Issue: Jul 2011


Sublicenses issued for LMP/LFP Battery Material



Framework in place for faster market penetration of LFP

by Jon Knox

The owners of the rights to key patents on lithium metal phosphate, including lithium iron phosphate (LMP/LFP), and related battery materials, in conjunction with Sud-Chemie AG, Munich, have established a new foundation for broad-based, global marketing of these materials. LMP/LFP is an innovative, powerful, and safe cathode material useful in rechargeable batteries. Rechargeable batteries have literally changed the world. Cell phones, laptop computers, and hybrid and electric vehicles would not exist without this technology. LMP/LFP technology is useful in numerous such applications including electric and hybrid automobile batteries and stationary energy storage in popular "smart grid" applications.

Sud-Chemie, via its subsidiary Phostech Lithium Inc., was previously the exclusive licensed supplier of LMP/LFP. Sud-Chemie has agreed with the three patent owners, Hydro-Quebec, Universite de Montreal and CNRS, to facilitate the distribution of this technology through the creation of LiFePO4+C Licensing AG, Muttenz/Switzerland which will issue sublicenses to suitable LMP/LFP producers capable to address the market demand with high quality products.

Initial sublicense agreements have been concluded with two Japanese entities, namely Sumitomo Osaka Cement Co. Ltd. and Mitsui Engineering & Shipbuilding Co. Ltd., as well as two Taiwanese entities, namely Tatung Fine Chemicals Co. and Advanced Lithium Electrochemistry (Cayman) Co., Ltd (ALEEES). The latter has undertaken to build and operate an industrial size manufacturing plant in the province of Quebec, Canada. LiFePO4+C Licensing AG plans to issue additional sublicenses for LMP/LFP technology to a limited number of companies.

The LMP/LFP patents comprise three separate groups of patent rights affording extensive worldwide protection for LMP/LFP technology: the Goodenough patents on LMP/LFP material, the carbon coating patents, usable with LMP/LFP material and other materials, and the carbon coating process patents. The basic LMP/LFP material technology was invented and patented by world-renowned scientist and faculty member of the University of Texas in Austin, Dr. John Goodenough. Its potential was first recognized by Dr. Michel Armand of Centre National de la Recherche Scientifique (CNRS), Paris/France who further worked with Dr. Nathalie Ravet, Dr. Michel Gauthier and other scientists at Universite de Montreal, Montreal/Canada and at Hydro-Quebec's research facility (IREQ), Montreal/Canada in research efforts financially supported by Hydro-Quebec, Universite de Montreal and CNRS. Dr. Armand was instrumental in setting up an early collaboration between Hydro-Quebec and the University of Texas in Austin to explore and develop this technology.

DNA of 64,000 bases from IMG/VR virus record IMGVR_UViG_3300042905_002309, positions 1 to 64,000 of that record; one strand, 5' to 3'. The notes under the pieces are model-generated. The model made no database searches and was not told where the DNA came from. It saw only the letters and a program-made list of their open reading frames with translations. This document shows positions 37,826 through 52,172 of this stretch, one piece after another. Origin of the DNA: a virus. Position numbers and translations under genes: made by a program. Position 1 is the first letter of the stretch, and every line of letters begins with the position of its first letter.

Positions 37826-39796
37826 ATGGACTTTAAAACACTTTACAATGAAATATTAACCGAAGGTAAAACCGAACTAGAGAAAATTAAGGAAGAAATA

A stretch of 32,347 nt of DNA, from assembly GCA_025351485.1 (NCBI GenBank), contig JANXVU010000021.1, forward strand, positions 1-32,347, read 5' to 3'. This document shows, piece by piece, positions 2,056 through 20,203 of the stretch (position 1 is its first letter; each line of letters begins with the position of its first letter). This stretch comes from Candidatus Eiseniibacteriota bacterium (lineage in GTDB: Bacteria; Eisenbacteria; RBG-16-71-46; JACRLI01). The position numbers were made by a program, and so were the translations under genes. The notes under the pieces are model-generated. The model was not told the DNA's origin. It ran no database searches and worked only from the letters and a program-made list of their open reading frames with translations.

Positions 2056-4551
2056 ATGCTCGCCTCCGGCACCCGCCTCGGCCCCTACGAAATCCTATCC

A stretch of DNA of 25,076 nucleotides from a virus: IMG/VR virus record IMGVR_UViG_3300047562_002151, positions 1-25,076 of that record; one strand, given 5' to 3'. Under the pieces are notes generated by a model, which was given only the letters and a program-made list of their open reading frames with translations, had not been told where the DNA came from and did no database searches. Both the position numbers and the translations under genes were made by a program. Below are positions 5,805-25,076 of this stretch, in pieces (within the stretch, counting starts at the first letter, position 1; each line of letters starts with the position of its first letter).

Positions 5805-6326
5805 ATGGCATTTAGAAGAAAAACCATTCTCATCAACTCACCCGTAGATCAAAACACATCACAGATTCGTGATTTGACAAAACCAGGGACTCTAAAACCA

The decision to sublicense this technology lays the foundation for an appropriate response to the rapidly growing demand from the global battery and automotive industries for reliable sources of LMP/LFP by allowing fast and broad-based market penetration of high quality LMP/LFP materials.

In addition to Sud-Chemie and the new sublicensees, Japan's Sony Corporation has a non-exclusive license to manufacture LMP/LFP for use in Sony's own battery production.

Montreal, Munich and Paris, July 4, 2011

About LFP Technology

Lithium iron phosphate (LiFePO (4) , LFP) is a novel cathode material that, due to its high performance and unsurpassed safety profile, has a great deal of potential for use in next-generation lithium ion batteries, used among other things for hybrid and electric drives in the automotive industry and for stationary energy storage, for instance in solar energy. LFP material was discovered at the University of Texas in Austin in 1995 and licensed to Hydro-Quebec. When LFP material is coated with a thin layer of carbon, its conductivity is enhanced allowing LFP's unique performances. Such layer must be thin enough in order to permit lithium to pass through. These inventions were protected through the LFP carbon coating patents and the LFP carbon coating process patents co-owned by Hydro-Quebec, Canada, Universite de Montreal, Canada, and Centre National de la Recherche Scientifique (CNRS), France.

About Dr. John Goodenough

Dr. John Goodenough has received many honors for his work, including the 2001 Japan Prize, Japan's scientific equivalent to the Nobel Prize. In 2008 the Royal Society of Chemistry re-named its Materials Chemistry Lifetime Award to the John B. Goodenough Award in recognition of Dr. Goodenough's extensive contribution to the field. More recently, Professor Goodenough was awarded the 2009 Enrico Fermi Award by the President of the United States "(f)or his lasting contributions to materials science and technology, especially the science underlying lithium-ion batteries," including the development of "olivine cathode materials of which LiFePO (4) , in particular, has been commercialized for power applications."

About Dr. Michel Armand